Kansas City – Keeping the Next Generation Safe

Safety is something we all take for granted. We head out everyday to the grocery store, to the bank, or to go do some retail therapy. We never think about becoming a victim of violence. Every 73 seconds someone becomes a victim of sexual assault and there are nearly 300,000 robberies that happen every year. This isn’t something that we think will happen to us, it is something that happens to someone else.

An attacker is looking for certain types of people to become a target. These people are the elderly, someone that is more fragile and can be easily overtaken. College students are targeted because they usually have money and/or electronics. And attackers will go after men too, because men are less likely to yell for help and more likely to never report the incident because of ego and pride.

Because of some of these things the world can be a scary place. I wanted to bring in a speaker that could teach our Assisteens® how not to be a target. I am lucky enough to know someone who teaches situational awareness.

Megan Kimberlin, even though growing up in a law enforcement family, still fell prey to victimization. 5 stalkers later (1 serious enough to attempt to kill her), she finally learned it can happen to anyone and she wasn’t alone. Her goal and passion in life became giving others the tools necessary through her own personal experiences to help them avoid similar tragedies. She found her voice in helping others find theirs. She works as closely as possible with law enforcement (if she didn’t, family reunions would not be much fun), and attends as many seminars as possible including Forensic Investigation Seminars to have a better understanding of the predator mind. Later becoming a member of Clay County Juvenile Center’s Community Justice Board and the Youth Protection Officer for Rotary International. Since then, her work has been noted in the Sunday edition of the Kansas City Star and as far away as Ecuador and France.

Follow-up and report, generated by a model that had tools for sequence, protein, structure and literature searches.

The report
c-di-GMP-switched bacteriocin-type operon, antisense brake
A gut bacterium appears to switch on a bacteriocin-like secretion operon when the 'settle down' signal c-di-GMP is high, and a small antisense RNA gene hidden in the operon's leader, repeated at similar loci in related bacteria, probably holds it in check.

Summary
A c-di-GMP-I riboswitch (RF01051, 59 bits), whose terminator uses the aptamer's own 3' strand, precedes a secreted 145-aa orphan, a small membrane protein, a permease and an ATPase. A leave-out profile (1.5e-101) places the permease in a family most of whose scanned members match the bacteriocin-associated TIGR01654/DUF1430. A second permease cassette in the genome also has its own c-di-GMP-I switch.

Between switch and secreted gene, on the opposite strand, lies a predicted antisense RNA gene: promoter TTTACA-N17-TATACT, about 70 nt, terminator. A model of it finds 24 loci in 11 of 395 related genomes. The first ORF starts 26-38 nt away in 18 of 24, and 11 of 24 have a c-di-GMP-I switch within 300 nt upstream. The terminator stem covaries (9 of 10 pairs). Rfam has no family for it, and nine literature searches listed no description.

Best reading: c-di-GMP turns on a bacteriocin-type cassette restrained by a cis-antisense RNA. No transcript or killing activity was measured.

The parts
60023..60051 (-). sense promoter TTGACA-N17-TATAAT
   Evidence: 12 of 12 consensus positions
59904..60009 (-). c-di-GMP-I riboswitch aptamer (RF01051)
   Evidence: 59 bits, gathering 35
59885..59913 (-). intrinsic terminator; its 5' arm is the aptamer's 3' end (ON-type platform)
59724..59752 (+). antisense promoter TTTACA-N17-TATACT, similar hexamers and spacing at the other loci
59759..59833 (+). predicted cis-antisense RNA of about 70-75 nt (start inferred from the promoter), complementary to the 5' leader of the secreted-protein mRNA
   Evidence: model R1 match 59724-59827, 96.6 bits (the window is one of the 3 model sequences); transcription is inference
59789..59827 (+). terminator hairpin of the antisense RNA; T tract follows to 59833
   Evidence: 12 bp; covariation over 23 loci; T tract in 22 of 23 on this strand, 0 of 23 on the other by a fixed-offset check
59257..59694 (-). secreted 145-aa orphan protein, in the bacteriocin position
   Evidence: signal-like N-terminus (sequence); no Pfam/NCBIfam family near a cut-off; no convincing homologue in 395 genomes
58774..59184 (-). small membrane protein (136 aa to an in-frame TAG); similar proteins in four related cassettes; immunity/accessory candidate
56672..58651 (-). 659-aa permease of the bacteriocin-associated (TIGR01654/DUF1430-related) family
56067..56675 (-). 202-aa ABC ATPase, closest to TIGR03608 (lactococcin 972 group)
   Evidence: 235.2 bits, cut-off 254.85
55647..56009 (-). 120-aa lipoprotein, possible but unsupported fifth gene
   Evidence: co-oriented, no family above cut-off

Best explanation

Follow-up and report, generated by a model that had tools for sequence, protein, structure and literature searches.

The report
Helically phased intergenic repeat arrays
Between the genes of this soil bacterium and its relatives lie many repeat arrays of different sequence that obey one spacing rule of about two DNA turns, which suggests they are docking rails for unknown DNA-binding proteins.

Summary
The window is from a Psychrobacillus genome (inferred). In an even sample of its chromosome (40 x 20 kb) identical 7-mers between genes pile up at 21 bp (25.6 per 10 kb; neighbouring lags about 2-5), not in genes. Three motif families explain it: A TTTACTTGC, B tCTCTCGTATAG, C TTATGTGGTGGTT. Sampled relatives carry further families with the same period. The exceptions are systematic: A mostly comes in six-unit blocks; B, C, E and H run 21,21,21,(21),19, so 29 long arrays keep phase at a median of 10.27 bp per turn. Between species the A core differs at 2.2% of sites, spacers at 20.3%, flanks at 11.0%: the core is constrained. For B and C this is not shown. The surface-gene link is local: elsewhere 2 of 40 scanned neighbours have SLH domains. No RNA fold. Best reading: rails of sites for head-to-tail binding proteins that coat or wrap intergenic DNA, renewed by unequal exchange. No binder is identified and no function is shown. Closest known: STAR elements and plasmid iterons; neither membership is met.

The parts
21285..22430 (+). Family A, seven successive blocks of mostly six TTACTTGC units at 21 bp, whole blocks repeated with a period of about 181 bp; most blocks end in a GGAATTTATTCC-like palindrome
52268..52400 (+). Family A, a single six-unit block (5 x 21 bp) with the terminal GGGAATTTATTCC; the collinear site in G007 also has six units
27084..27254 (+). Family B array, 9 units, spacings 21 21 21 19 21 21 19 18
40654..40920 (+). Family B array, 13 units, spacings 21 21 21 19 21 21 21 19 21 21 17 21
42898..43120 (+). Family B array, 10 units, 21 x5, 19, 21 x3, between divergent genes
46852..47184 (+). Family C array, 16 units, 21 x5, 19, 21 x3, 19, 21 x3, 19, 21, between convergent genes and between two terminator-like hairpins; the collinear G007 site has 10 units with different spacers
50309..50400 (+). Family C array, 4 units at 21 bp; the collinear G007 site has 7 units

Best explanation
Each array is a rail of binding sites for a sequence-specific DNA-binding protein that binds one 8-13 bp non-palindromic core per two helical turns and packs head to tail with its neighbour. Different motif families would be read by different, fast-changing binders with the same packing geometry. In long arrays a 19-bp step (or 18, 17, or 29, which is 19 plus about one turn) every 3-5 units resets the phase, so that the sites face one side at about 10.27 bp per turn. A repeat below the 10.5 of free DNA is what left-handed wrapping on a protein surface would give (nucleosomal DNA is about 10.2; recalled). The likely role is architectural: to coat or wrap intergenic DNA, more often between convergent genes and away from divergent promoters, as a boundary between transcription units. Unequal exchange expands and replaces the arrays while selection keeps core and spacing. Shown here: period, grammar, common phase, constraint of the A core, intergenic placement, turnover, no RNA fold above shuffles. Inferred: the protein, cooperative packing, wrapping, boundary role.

Megan came to our meeting and the very first thing she said was to keep your head up and to stand tall (no slouching). She told our Assisteens that if you made eye contact with those around you that you are reducing your chances of being a victim. The reason is that you can identify the attacker because you saw his/her face.  You are also more aware of what is going on around you and it’s not as easy to surprise as someone who is aware of their surroundings versus someone with their head down looking at a phone or the ground.

Megan stressed looking around you and knowing who is close to you. Sometimes that is easy. For example, a meeting that always has the same people, you know everyone there. The question is, do you look up from your papers or phone to notice? Other times it’s a little harder, for example when you’re out with friends at a store, do you notice if the same person is following you through the store or that they followed you into the store from the parking lot? To prove her point, Megan asked if anyone could identify the gentleman in the back of the room, not even 10 feet away from our Assisteens. Nobody could, and only a very few even knew he was there, and he had been there before the meeting even started.

Megan went on to tell and show our Assisteens some ways to get out of hand holds, neck holds and gave some tips on how to identify the attacker.

I believe everyone walked away with a new understanding of how not to be an easy victim or a victim at all.